In the movie Jurassic World, it started with an island of dreams coming true, where you could see dinosaurs far and wide roaming all over the island alive rather than being robotic imitations. Kids and adults alike could learn about the creatures who were taller than modern buildings and who lived millions of years ago. Scientists could use the advanced technology to revive species that were once thought to be extinct and gone forever, to study their behaviour among others of the same kind. 

For the first few minutes, it seemed that the mistakes from Jurasssic Park had stayed in the past. However, after seeing the trailer, it’s easy to say that it’s too good to be true. Owen (aka Star Lord) had just gotten used to training a pack of four raptors when he found out that the scientists had created a hybrid that was bigger than the T-Rex, which was never a good idea. 

From there? Well, watch the movie and make your own analysis. 

After watching the movie, it reminded me of the many movies that stretched the possible results from genetical engineering. Many of the movies showed catastrophic outcomes (Splice, Star Trek Into Darkness), whereas others seem to indicate that such a world would lead to discrimination between those that were naturally born and those that were designed in a lab (GATTACA). 

In Orphan Black, the Leda clones are brought up in different environments while the Castor Clones are brought up together. While both are cared for differently, they were subject to tests by people who they thought to be dear only to find out that they were monitors. 

In Man of Steel, Clark’s home world had advanced technology where every child was genetically engineered for a specific… Career – some would be born for the army, others for the government, and the list goes on. In an old movie called Antz (?), the cartoon movie had a clip where the baby ants would be categorized before they even knew what was going on. 

Here’s the point – the Indominous Rex was a hybrid whose base turned out to be a raptor. In the movie, they implied that raptors are socially dependent, hunting in groups. To be alone and to grow isolated.. Somehow, it feels familiar. While genetically engineering isn’t quite to that extent, anyone who grows up to be different and/or isolated might know the feeling. 

In this world, a lot of things that are found to be different are treated as a threat to the safety of those dear. As a result, when found, it becomes isolated only to be studied extensively. It’s not to say that it’s always the outcome of anything different, but it seems to be common. 

To be different is to be noticed by others. Some are born with it, while some purposely deviate from the norms. Some are noticed, while some are capable of smoothly hiding in plain sight. Some grow to hate the world and some grow to envy the world, to wish to be “normal”. 

More languages, more angles

How many languages do you recognize? How many languages do you speak? How many do you speak fluently? How about reading & writing?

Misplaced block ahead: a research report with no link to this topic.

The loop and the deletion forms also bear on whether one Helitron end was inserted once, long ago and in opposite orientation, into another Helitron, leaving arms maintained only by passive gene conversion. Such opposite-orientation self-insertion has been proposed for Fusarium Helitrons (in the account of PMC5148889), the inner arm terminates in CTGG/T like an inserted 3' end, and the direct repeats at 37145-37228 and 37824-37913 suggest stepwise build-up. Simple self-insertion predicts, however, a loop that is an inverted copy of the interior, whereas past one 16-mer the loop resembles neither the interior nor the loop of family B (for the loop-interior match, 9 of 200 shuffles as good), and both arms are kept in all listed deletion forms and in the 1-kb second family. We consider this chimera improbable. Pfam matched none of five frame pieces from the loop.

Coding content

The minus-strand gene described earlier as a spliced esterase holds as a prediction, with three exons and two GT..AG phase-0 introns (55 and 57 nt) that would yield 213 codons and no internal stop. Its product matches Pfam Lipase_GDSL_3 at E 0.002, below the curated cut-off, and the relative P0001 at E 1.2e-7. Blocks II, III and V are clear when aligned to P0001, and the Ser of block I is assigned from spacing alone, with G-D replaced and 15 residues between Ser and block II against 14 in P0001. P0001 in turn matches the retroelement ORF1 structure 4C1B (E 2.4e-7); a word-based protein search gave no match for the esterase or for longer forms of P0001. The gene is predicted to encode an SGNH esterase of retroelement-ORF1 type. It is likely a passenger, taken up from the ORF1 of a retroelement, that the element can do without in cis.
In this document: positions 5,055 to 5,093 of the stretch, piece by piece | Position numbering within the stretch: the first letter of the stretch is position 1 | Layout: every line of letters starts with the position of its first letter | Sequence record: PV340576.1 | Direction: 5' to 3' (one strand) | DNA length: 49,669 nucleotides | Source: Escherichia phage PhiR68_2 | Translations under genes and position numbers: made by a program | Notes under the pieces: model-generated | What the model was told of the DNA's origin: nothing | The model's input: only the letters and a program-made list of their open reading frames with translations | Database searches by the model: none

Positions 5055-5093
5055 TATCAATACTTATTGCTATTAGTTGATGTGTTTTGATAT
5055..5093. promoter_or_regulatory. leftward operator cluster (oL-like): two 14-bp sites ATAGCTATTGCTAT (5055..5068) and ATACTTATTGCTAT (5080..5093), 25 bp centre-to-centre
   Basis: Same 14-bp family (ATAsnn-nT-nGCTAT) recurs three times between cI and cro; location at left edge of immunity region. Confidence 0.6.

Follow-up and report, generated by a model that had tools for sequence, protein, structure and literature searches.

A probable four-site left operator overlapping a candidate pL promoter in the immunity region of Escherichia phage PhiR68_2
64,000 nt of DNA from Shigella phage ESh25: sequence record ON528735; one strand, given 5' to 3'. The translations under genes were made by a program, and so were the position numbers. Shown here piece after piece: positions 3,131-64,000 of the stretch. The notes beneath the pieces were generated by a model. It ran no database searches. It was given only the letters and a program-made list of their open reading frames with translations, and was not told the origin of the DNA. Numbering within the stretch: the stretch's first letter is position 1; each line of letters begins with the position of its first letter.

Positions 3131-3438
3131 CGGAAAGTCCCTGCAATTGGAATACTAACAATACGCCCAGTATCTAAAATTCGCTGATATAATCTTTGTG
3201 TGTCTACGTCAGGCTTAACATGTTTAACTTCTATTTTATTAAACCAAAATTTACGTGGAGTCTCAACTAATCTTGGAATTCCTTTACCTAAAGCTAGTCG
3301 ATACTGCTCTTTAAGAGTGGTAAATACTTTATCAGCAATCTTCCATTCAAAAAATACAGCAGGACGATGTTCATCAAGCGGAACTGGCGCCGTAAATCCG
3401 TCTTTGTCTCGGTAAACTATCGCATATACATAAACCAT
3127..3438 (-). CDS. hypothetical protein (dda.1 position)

So, what’s the answer? 1? 2? 3 maybe?  

When I ask friends, they often tell me that they are fluent in English in the oral sense, but not so much in the reading or writing sense. Moreover, being in Quebec, where the signs are almost always in French, many have a fraction of an understanding of French. Among some of my friends, they tell me that they can read French, but writing and speaking is a whole other story. 

For those who are brought up in a place where there are multiple common languages in the region, they often learn multiple languages. In Quebec, it seems to be common for people to know English, French and their native language (similar case for other parts of Canada). 

From Psychology, I remember that knowning different languages can actually be beneficial for the individual. From the podcast TED Radio Hour, I learned that different cultures have different perceptions of the world (I.e. Time, gender, age, etc.). From Concordia, I’m frequently reminded that languages allow for connection with others who might have a similar background. 

English seems to allow for the creativity to take hold, inventing words when nothing else seems to be sufficient. French seems to demonstrate the precision of words, having a different meaning for almost any possibility. And Mandarin? While I’m limited in such a language, my impression is that it’s simple in nature, yet carefully articulated, with the meaning depending on the pronounciation. 

Someone told me that to be fluent in a language is to be able to carry a discussion, to read a text and to be able to properly write a text. It seems to remind me of the high school criteria in my French class, but it seems accurate since those are the three crucial areas. 

If you were to follow that statement (or maybe that would be a theory?), would you be able to consider yourself fluent in English, with confidence? How about the other languages?

Making memories

How often do you travel? How often do you meet people of whom you haven’t seen in a long time? How often do you travel to places of which you haven’t been to in a while?

How do you make a memory of it? Take pictures? Make videos? Who or what is the focus of those moments?

Travelling to visit family, photos were taken, souvenirs were gathered, laughs echoed the familiar surroundings, and stories were shared from the time apart… But something was missing. 

Unfortunately, it took so long to realize that what I missed was right in front of me… And now I missed the chance. In my head, I run through the possibility of sparing a couple of seconds to create a lasting memory of whom I might never see again. 

My advice to readers – should you go travelling to see family, take photos of everyone. Don’t take it for granted because it might be a long while until the next time. It only takes a moment and you can frame them to be treasured forever.  

 

Losing the magic